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Geopolitics

Can Refugees And A Small French Village Save Each Other?

Peyrelevade, a village of 800 people in central France, has welcomed 60 refugees since April. Its former retirement home has been renovated, the primary school has avoided a class closure, and there are new jobs for residents. But the future is no less un

Asylum seekers in a classroom in Peyrelevade
Asylum seekers in a classroom in Peyrelevade
Celine Rastello

PEYRELEVADE — Since April, the former retirement home in this village in central France, with a population of just 800, has been transformed. Now it serves as a center for asylum seekers, have welcomed some 60 Syrians, Sudanese, Guineans, Nigerians, Ukrainians and Chechens.

The village "had to do something" with this three-story building and its 2,000 square meters, explains Pierre Coutaud, the young mayor of Peyrelevade. After considering creating an educational center, the village finally decided instead to volunteer to take in refugees.

It wasn't solely a "humanitarian" decision, the mayor says. It was also a project to encourage "local development," which would be funded by subsidies and see the rent paid by an association that manages the center. Had it been renovated with no new use, local taxes would have increased by 10%, Coutaud says.

The opening of the center also led to the creation of four jobs and one part-time position, all held by local residents. And perhaps most important of all, the arrival of about 15 new children allowed the primary school to keep operating one of its classes, which otherwise would have been closed.

At first, the initiative wasn't to everybody's liking. The mayor, who had put the development at the center of his election campaign, received a few threatening emails and phone calls. Although he organized public meetings to discuss the project, he still sometimes hears "unpleasant remarks." But this pushback is marginal, he says, and most locals seem pleased about what the town is doing.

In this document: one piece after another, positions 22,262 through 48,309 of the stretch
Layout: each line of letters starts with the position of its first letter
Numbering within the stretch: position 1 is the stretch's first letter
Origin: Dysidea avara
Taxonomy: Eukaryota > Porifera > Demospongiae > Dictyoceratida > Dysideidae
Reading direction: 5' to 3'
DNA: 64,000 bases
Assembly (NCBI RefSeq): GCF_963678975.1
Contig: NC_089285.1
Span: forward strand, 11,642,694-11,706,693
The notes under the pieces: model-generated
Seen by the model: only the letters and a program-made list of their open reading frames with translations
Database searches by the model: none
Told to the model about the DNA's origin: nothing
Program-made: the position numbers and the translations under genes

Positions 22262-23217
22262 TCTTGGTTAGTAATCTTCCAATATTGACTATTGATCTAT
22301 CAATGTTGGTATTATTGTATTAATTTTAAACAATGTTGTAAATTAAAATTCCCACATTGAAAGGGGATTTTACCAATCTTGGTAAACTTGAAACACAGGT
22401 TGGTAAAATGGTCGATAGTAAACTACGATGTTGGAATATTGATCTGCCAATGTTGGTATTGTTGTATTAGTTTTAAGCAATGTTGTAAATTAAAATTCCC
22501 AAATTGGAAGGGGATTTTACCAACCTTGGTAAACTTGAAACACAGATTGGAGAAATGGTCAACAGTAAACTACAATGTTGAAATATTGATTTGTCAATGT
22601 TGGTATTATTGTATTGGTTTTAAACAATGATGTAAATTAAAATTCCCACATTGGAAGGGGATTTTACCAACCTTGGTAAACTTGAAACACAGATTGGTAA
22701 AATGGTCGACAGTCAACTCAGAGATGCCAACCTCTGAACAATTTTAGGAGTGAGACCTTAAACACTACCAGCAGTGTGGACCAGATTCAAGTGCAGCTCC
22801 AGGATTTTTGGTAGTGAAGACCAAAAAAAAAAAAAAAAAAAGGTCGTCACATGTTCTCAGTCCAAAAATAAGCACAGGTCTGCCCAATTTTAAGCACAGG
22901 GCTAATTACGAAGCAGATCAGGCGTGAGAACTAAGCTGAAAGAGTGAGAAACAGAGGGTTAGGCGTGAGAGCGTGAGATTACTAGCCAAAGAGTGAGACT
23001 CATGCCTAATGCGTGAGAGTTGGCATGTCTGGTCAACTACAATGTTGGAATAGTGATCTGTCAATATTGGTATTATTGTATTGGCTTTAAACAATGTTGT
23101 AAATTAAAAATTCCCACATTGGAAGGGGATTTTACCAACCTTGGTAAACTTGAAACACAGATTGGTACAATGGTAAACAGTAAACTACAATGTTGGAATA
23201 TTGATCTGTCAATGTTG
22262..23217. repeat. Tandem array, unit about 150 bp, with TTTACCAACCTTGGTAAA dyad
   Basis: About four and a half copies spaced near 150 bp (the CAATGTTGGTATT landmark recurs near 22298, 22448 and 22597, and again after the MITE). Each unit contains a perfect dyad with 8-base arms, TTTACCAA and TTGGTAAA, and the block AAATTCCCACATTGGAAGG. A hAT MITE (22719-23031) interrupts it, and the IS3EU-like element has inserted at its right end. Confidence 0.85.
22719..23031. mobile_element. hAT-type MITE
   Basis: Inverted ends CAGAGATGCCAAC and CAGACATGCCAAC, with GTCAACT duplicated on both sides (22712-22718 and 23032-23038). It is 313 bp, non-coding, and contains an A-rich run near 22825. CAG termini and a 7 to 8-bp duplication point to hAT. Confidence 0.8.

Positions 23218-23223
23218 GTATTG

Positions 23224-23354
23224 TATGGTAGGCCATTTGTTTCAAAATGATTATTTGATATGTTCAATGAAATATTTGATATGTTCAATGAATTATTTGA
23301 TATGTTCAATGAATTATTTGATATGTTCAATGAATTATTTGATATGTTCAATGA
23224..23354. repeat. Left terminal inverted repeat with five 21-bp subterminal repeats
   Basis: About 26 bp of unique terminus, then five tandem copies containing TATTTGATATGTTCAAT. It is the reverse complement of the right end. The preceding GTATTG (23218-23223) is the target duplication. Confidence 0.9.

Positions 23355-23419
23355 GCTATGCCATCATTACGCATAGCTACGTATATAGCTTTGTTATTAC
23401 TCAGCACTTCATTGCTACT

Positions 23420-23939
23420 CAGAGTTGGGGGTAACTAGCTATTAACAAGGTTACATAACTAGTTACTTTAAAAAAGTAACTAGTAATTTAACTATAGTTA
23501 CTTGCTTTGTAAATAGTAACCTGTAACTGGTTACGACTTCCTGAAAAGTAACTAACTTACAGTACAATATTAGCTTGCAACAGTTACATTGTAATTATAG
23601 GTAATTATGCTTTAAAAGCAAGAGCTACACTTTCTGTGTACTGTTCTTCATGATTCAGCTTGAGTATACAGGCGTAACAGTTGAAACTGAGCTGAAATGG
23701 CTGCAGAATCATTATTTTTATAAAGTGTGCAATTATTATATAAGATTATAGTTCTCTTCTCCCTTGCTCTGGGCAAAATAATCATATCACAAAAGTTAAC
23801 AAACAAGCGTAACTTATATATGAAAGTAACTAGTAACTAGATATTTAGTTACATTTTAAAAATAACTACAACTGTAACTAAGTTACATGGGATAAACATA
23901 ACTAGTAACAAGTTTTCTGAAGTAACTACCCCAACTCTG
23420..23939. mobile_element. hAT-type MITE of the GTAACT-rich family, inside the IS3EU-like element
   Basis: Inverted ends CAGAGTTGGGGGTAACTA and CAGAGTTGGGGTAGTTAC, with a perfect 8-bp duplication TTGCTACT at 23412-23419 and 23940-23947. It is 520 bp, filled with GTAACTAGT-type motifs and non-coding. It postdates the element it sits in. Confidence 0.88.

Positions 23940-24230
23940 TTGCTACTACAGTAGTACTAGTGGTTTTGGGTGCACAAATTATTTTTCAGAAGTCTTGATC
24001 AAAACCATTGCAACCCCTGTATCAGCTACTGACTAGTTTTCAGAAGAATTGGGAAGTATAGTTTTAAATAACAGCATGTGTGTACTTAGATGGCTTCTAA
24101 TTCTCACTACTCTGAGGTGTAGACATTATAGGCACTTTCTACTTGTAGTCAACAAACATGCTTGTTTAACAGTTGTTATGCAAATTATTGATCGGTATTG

"These people are in need," says Milou, head of the new center's friends association. "We have to try and help them. Being able to do something for them is rewarding. Everyone should do their share."

Mutual benefits

Philippe Sœur, manager of the local minimarket, says the project has injected new energy into the sleepy village. "They bring us a lot: new life, cultural exchanges, openness," he says. "In a village such as ours, we tend to become quite narrow-minded."

Nicolette Gibbons, a 40-year-old originally from Brittany who has been living in Peyrelevade for seven years, immediately applied to be the center's activity leader. Her son had never seen a black child, which she believed was "shameful."

The arrival of the refugees has made another person happy: Jean-Louis Brette, president of the local soccer club. He used the opportunity to create a second team and is delighted to have several players who are "rather good, motivated and always ready to help." Brette says he loves to hear them call him "Coach" in all their different accents.